This study, commissioned by the Policy Department for Citizens' Rights and Constitutional Affairs at the request of the JURI Committee, explores the range and nature of problems linked to the cross-border placement of children and to the application of article 56 of the Brussels IIa Regulation. Based on an analysis of the practice in 12 Member States and European case law, it identifies a number of shortcomings in the current legislative framework. Looking ahead to the recast of Brussels IIa, the study sets out recommendations to remedy some of the weaknesses, such as clarifying the respective tasks of the Member States involved in cross-border placement cases and facilitating the recognition and enforcement of cross-border placement orders.

Opublikowano 24-05-2016

Energy Union: Key Decisions for the Realisation of a Fully Integrated Energy Market

24-05-2016

The aim of this study Energy Union: Key Decisions for the Realisation of a Fully Integrated Energy Market is to assess whether, and to what extent, the EU’s internal energy market objectives can effectively and efficiently be reached with the current policies and instruments. Link to the original publication: http://www.europarl.europa.eu/RegData/etudes/STUD/2016/578968/IPOL_STU(2016)578968_EN.pdf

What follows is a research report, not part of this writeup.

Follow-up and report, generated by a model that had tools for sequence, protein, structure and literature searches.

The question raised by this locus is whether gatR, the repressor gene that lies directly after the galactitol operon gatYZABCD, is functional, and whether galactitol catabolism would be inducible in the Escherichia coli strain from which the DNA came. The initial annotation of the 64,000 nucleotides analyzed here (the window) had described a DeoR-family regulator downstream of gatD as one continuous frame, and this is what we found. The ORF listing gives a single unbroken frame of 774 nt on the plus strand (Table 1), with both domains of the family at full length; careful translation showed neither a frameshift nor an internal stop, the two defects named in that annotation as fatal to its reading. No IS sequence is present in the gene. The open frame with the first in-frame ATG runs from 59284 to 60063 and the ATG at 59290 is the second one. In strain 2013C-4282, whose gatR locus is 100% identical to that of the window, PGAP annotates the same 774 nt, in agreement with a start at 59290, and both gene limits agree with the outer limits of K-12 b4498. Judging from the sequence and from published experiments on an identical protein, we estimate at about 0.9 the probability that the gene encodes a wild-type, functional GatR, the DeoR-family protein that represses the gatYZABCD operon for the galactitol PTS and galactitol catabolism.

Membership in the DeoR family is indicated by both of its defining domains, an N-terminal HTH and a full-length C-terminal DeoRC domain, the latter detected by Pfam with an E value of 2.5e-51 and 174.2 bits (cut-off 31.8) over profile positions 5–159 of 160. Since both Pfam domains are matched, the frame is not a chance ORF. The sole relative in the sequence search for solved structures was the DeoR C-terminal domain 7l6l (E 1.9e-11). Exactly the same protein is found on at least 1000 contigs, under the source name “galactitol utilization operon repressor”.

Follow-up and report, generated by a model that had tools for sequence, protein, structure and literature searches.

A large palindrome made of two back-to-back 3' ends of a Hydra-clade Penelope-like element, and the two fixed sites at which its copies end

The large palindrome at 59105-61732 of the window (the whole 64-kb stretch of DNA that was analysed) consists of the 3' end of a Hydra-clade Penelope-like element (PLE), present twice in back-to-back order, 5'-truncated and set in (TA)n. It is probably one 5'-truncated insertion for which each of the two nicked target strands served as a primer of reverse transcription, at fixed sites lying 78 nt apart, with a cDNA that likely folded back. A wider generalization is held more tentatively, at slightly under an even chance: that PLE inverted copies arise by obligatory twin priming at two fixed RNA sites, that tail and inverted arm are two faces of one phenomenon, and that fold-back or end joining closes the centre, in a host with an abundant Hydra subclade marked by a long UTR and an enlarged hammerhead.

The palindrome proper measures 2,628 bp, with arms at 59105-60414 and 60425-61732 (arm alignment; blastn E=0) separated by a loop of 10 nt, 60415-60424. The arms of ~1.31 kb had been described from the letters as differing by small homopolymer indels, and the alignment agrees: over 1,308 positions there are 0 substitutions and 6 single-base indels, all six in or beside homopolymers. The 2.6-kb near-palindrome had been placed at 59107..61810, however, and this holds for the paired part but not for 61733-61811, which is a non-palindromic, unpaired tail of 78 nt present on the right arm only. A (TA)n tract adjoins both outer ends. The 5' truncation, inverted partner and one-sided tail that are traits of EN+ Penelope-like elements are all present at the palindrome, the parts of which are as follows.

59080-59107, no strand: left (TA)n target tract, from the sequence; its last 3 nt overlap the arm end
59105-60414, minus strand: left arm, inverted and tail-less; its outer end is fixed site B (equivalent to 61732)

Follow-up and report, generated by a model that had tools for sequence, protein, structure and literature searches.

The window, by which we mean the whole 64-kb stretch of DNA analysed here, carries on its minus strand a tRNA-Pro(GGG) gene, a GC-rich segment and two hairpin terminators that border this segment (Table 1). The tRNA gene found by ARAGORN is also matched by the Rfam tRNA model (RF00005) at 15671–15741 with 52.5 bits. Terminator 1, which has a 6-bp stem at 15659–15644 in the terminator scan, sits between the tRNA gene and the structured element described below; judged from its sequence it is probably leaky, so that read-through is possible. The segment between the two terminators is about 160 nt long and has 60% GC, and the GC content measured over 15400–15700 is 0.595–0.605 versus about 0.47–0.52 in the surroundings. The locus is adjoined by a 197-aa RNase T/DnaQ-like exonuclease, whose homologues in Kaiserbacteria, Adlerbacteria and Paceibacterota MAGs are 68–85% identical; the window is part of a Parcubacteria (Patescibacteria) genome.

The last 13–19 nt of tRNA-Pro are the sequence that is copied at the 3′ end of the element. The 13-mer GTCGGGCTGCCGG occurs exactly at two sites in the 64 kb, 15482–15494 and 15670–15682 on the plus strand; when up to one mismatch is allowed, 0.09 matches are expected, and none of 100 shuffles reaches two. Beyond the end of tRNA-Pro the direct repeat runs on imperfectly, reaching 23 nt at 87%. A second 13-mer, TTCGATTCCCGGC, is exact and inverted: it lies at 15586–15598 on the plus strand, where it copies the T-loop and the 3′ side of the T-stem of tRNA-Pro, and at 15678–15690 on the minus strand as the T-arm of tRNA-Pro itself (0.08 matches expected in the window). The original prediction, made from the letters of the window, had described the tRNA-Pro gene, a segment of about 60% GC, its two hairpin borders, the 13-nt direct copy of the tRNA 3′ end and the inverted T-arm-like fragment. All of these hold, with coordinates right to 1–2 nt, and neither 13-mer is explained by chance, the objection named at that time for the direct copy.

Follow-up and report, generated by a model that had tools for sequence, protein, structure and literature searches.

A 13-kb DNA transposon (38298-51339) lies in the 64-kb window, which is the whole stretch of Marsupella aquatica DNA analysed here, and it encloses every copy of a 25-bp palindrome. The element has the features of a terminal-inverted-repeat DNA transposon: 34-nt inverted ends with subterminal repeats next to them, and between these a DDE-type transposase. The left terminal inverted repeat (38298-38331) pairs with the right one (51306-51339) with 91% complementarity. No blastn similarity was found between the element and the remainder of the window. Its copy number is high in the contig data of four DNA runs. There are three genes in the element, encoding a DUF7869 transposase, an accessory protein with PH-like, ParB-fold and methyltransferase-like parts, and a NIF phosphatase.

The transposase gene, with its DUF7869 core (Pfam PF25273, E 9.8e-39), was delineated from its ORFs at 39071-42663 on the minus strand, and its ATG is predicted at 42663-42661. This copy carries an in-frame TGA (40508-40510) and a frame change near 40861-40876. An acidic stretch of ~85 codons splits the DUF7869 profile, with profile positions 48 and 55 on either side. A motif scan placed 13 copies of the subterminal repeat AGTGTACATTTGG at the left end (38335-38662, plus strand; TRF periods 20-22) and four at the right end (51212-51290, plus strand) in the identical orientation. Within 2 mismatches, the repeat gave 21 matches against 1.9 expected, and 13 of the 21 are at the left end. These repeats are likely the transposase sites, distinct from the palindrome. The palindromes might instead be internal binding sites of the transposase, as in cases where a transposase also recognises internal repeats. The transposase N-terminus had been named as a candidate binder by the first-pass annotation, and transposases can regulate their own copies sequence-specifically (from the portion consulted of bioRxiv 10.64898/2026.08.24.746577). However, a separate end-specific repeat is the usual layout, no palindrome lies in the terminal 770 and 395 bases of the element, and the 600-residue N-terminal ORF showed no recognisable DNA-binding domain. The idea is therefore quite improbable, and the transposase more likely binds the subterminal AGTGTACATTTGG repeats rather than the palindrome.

The aim of this study Energy Union: Key Decisions for the Realisation of a Fully Integrated Energy Market is to assess whether, and to what extent, the EU’s internal energy market objectives can effectively and efficiently be reached with the current policies and instruments. Link to the original publication: http://www.europarl.europa.eu/RegData/etudes/STUD/2016/578968/IPOL_STU(2016)578968_EN.pdf

Autorzy zewnętrzni

Koen Rademaekers and Luc Van Nuffel (Trinomics)

Energy poverty: Protecting vulnerable consumers

24-05-2016

Between 50 million and 125 million people in the EU are at risk of energy poverty – unable to keep their homes warm or pay their bills. The underlying causes are generally considered to be low incomes, high energy prices and poor energy efficiency of the living space, with market conditions and social environment also playing a role. The EU deals with this issue most directly through the Electricity and Gas Directives, which require Member States to define vulnerable customers in their energy market ...